There are lockers, changing rooms, bathrooms and a restaurant. The site is more geared towards divers than swimmers. Cenote Dos ojos is located approximately 22km (13miles) north of Tulum along Carretera 307

cenote dos ojos

Gran Cenote

Gran Cenote, a semi-open Cenote surrounded by lush vegetation, is only a 10-minute drive up QROO 109 from Tulum. Turtles and small fish live in its turquoise water, making it a great place for snorkeling. The pool is easily accessible via a number of wooden platforms and steps.

While it’s much quieter than Doj Ojos, Gran Cenote is a bit more friendly towards families and is a quick trip from Tulum. Many cenotes have sand on the bottom and open caves that you can swim into. While you can’t stay right by the water, you can spread out above the cenote area. Gran Cenote is a large cenote.

The turtles and the proximity of Tulum to Gran Cenote are two of its biggest attractions. There are lockers, showers, bathrooms and hammocks available. The day fees at Gran Cenote range from 200 pesos to 300 pesos.

Cenote Zacil Ha

Cenote Zacil Ha can be found just down the street from Gran Cenote. It is a favorite cenote for those staying in Tulum. Cenote Zacil Ha is a cenote with a lot of open space and even a zipline to access the long pool.

Cenote Zacil Ha is a great, and cheap, place to cool off after visiting the popular Coba archaeological site. It is a great place to refresh yourself for less than 100 pesos.

Cenote Aktun-Ha

Cenote Aktun Ha is another cenote near Tulum, and only a few hundred metres from Cenote Zacil Ha.“water cave”() is a large open-air cenote in Riviera Cana. Cenote Carwash was also its nickname as local taxi drivers used the water for washing their vehicles.

With plenty of turtles and fish in the cenote, it has a maximum depth of around 18m or 60ft so you’ll see the occasional diver down below as well. There are changing rooms, restrooms and platforms to get into the water. It also has a 10ft (3.2M) diving platform

Cenote Ik Kil

Located near the very cool and popular Chichén Itzá, Cenote Ik Kil is an open-air cenote with dramatic vine-covered cliffs and cascading waterfalls. The circular shape, and the roots hanging down to the surface of the water, give this cenote an ethereal feel.

It’s a popular spot, so consider visiting early in the morning to avoid crowds or stay for a few days at one of the cabins on site. Cenote Ik Kil is equipped with bathrooms, change rooms, and a restaurant. Prices for adults are 100 Pesos and 50 Pesos for children.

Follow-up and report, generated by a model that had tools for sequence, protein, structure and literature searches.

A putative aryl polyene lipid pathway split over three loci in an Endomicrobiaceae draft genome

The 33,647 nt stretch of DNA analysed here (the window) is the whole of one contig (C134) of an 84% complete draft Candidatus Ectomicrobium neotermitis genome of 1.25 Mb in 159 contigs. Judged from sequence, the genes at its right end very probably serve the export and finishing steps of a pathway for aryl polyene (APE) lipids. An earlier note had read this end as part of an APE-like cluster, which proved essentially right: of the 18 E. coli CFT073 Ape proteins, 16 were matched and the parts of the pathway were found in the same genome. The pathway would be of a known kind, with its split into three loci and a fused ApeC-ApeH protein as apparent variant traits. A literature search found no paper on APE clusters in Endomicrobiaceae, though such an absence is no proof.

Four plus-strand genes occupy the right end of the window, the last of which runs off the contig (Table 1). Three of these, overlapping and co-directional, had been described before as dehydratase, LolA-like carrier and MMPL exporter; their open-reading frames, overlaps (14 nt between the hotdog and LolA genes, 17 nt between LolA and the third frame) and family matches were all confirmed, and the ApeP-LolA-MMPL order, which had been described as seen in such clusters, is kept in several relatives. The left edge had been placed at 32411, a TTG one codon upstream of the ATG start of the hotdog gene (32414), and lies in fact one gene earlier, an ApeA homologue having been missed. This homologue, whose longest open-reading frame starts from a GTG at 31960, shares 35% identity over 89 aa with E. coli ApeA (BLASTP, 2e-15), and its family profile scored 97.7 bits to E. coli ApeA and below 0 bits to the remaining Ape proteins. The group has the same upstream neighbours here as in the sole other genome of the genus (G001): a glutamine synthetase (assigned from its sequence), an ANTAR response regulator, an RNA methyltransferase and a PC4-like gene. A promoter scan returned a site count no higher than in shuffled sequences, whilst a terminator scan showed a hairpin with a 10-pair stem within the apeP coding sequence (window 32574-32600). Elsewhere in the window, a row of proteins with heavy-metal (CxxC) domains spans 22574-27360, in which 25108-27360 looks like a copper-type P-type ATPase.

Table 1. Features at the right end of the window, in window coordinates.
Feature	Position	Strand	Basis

Best Cenotes in the Mayan Riviera Ik-Kil Cenote near Chichen Itza in Mexico

Cenote Zací

While not in Riviera Maya itself, located in the heart of Valladolid, Cenote Zací is a semi-open cenote that offers a convenient break from city exploration. The massive open cave has a small island in the middle, with lush vegetation. Its waters are home to rare black fish without eyes. The restaurant on site offers a unique dining opportunity with views of the cenote.

Located between Cancun and Chichen Itza, Cenote Zaci is also a great stop if you’re exploring the ruins that day and want to cool off before driving the rest of the way back to Cancun. Though the waters in this cenote aren’t the clearest, swimming in the giant cavern of Cenote Zaci is an unforgettable experience. There are changing rooms, bathrooms and a small restaurant on the premises. Prices for adults range from 60 pesos to 30 pesos.

 Cenote Escondido (Mayan Blue) and Cenote Cristal

Cenote Cristal and Cenote Escondido are two large cenotes that are open to the air, close to Tulum. Both cenotes are located in jungle settings and have cliff jumps (12ft or four meters) as well as a rope swing.

Both cenotes are owned by the same firm and are located next to eachother. Both cenotes have ample parking, restrooms, showers, and changing rooms. Entry to each cenote costs 150 Pesos. Cenote Cristal is more popular than Cenote Escondido. With more area to explore, Cenote Escondido is bigger, and almost feels like you’re swimming in a river than a typical cenote.

Cenotes in Riviera Cana: Tips for visiting them

  • Bring Eco-Friendly sunscreen:Biodegradable sunscreen is the best way to protect cenote ecosystems. Many cenote owners, however, strongly discourage using any sunscreen.
  • Wear Water ShoesWater shoes can protect your feet from cenotes that have rocky floors.
  • Bring Mask and Snorkel Many sites rent snorkels, but the quality is often questionable and the cost per use can quickly add up. Bring your own. Leave the flippers home if you have limited space in your bag.
  • Respect the EnvironmentKeep the cenotes pristine by not leaving behind any trash. Each cenote has a delicate eco-system and is a natural wonderland. When visiting, make sure to leave as little of a footprint as possible.
  • Check for Entrance fees:Cenotes usually charge an entrance fee to cover maintenance and preservation.
  • Make sure you don’t get scammed:Cenotes that charge 150 pesos per adult are the most expensive, but many cenotes only charge 50 or 60 pesos per person.
  • Leave valuables behind: Theft of small items is a problem in certain cenotes. Leave your valuables at the hotel or rent a locker on site if you have things you don’t want walking away.
  • Extra costs for cameras, drones and other devices: Several companies have decided to charge a surcharge for people who bring expensive cameras or drones into their facility. Depending on the cenote the cost can be equal to the entrance fee. If you don’t need it, leave it behind.
cenote dos ojos quintana roo mexico Mayan Riviera

Whether you’re an avid cave diver, a snorkeling enthusiast, a cliff jumper or simply looking for a picturesque spot to relax, the cenotes of the Riviera Maya offer something for everyone. Each cenote has its unique charm, inviting visitors to explore the hidden treasures of the Yucatan’s underground world.

With something unique to see at each cenote, from stalactites and stalagmites to colorful turtles and even more colorful fish, you’ll never get a chance to experience such a large array of cenotes anywhere else on the planet.

We’ve written dozens of articles about MexicoOver the years, the Riviera Maya has been a popular destination. Playa Del CarmenIt is our second home.

‘ Credit:
Original content by – “The Best Cenotes in the Riviera Maya”

Read the complete article at

Leave a Reply

Your email address will not be published. Required fields are marked *